Runner’s High: A Brief Analysis of My Running Behavior

Three miles into my run and I’m dragging my feet and gasping for every breath. But something is compelling me to push forward. It’s like my body is telling me it has to do it. ”Keep on going!”, my body says. Call it an urge, sensation, or feeling if you will. From the combined viewpoints of running and behavior analysis, the concept of the runner’s high is intriguing to me. I can think of a few of reasons for continuing the run at this point. So I wanted to offer up a very brief, and not overly technical, functional analysis of my running behavior.

First, I have 2 more miles to go before I get home. I could stop now and all will be well. For some people completion of the exercise is a reinforcing “event”. I am one of those people. There is a satisfying feeling obtained when the run is finished. If that is the case, then my reinforcement history would lead me to think that I would finish the run because completion of the run itself is reinforcing. Therefore running is maintained by positive reinforcement, right?

In addition, there often comes a point in a run when I feel no discomfort, no pain, no worries during a jog. For a guy with chronic back pain and multiple knee and foot injuries, this is amazing consequential event. So in my case, running could operate under negative reinforcement because I am able to escape (even if temporarily) the pain effects of chronic injuries?

However, running does satisfy an urge, sensation, or feeling associated with what is commonly called “runner’s high”, which indicates that running serves a sensory function. Sometimes I cannot wait to get home because of the urge to get a run in. Lately when I am approaching the end of a run, I begin to think I should keep on going because I have not felt “the high” indicating that I might need to run more. Then I continue a little longer in order to obtain the sensation of “the high”. In that sense, wouldn’t running be maintained by automatic reinforcement?

So perhaps my running behavior is multiply controlled behavior. It is positively reinforced merely by completion of the run. The behavior is negatively reinforced due to the pain-alleviating effects it allows. But still running is automatically reinforced due to the access to sensory stimulation that it provides.

Now it’s time to move on to analyzing my nail biting behavior….. 🙂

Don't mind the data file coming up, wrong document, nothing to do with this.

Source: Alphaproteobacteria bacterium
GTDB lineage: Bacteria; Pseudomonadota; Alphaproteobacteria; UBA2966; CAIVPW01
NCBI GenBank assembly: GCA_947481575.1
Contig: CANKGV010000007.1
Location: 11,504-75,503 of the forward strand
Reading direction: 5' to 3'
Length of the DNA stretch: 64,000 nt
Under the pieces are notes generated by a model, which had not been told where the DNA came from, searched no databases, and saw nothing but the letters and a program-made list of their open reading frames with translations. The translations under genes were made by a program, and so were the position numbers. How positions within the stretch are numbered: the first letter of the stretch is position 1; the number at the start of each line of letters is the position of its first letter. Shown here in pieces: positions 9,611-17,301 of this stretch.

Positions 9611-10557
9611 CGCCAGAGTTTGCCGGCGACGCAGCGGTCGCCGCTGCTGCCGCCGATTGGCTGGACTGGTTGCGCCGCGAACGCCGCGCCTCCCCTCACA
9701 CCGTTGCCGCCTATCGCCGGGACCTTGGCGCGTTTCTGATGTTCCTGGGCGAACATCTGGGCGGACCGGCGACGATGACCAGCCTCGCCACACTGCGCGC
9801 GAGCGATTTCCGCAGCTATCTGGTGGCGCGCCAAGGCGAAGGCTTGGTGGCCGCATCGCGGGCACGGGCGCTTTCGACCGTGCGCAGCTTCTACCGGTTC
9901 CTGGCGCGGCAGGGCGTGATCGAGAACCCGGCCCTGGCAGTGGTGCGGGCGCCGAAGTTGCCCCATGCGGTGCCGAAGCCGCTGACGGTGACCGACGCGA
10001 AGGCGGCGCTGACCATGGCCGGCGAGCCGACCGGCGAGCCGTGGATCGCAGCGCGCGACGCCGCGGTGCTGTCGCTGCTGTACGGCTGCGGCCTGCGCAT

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My Behavior Change Project, the short version…

My project: A intervention plan based on Piazza et al’s An Evaluation of the Effects of Matched Stimuli on Behaviors Maintained by Automatic Reinforcement (Piazza et al, 2000), Shore et al’s An Analysis of Reinforcer Substitutability Using Object Manipulation and Self-injury as competing responses (1997), and Groskreutz et al’s Response Competition and Stimulus Preference in the Treatment of Automatically Reinforced Behavior: A Comparison (2011).

Experimental question: What is the effect of substituting object manipulation for self-injury on a student with the comorbid special education eligibilities of emotional disturbance and mental retardation?

My shortened conclusion: Basically I came to similar conclusions. We were able to reduce self-injurious behavior (skin picking) of a student by providing the student a squeezable toy (that provided tactile, visual, and auditory stimuli) as freely available as the reinforcement schedule for self-injury. However long term maintenance of the behavior may only last as long as the item is preferred. Another factor to consider is accounting for all possible sensory-matched consequences. Although the object matched many dimensions of the reinforcing effects of self-injury, such as tactile (resistant pressure), visual (seeing blood), and auditory (squishing sound), it did not match them all (specifically pain). Introducing a stimulus that induces pain to would violate moral and ethical standards.

Therefore intervention could continue providing an object that matches many suspected sensory stimuli which can be manipulated as an alternative to self-injury. However, the intervention must also include moral and ethical methods for reducing pain or minimizing the reinforcing effects of pain on self-injury. Additionally, a procedure to provide differential reinforcement for behaviors that are incompatible (DRI) with the self-injury would enhance intervention plan.

Implications: This project took place in a school setting. Putting such an intervention in place although not labor intensive, was time intensive in the beginning. It required the very controlled environment of a self-contained special education classroom. This was done in order to minimize extraneous variables that can confound the intervention variable. Although this intervention appears complicated, it was actually very simple. In essence, if self-injurious behavior is suspected to be reinforced by automatic reinforcement, try to provide alternative activities that are both incompatible with and provide as much of the same sensory stimulation as the self-injurious behavior.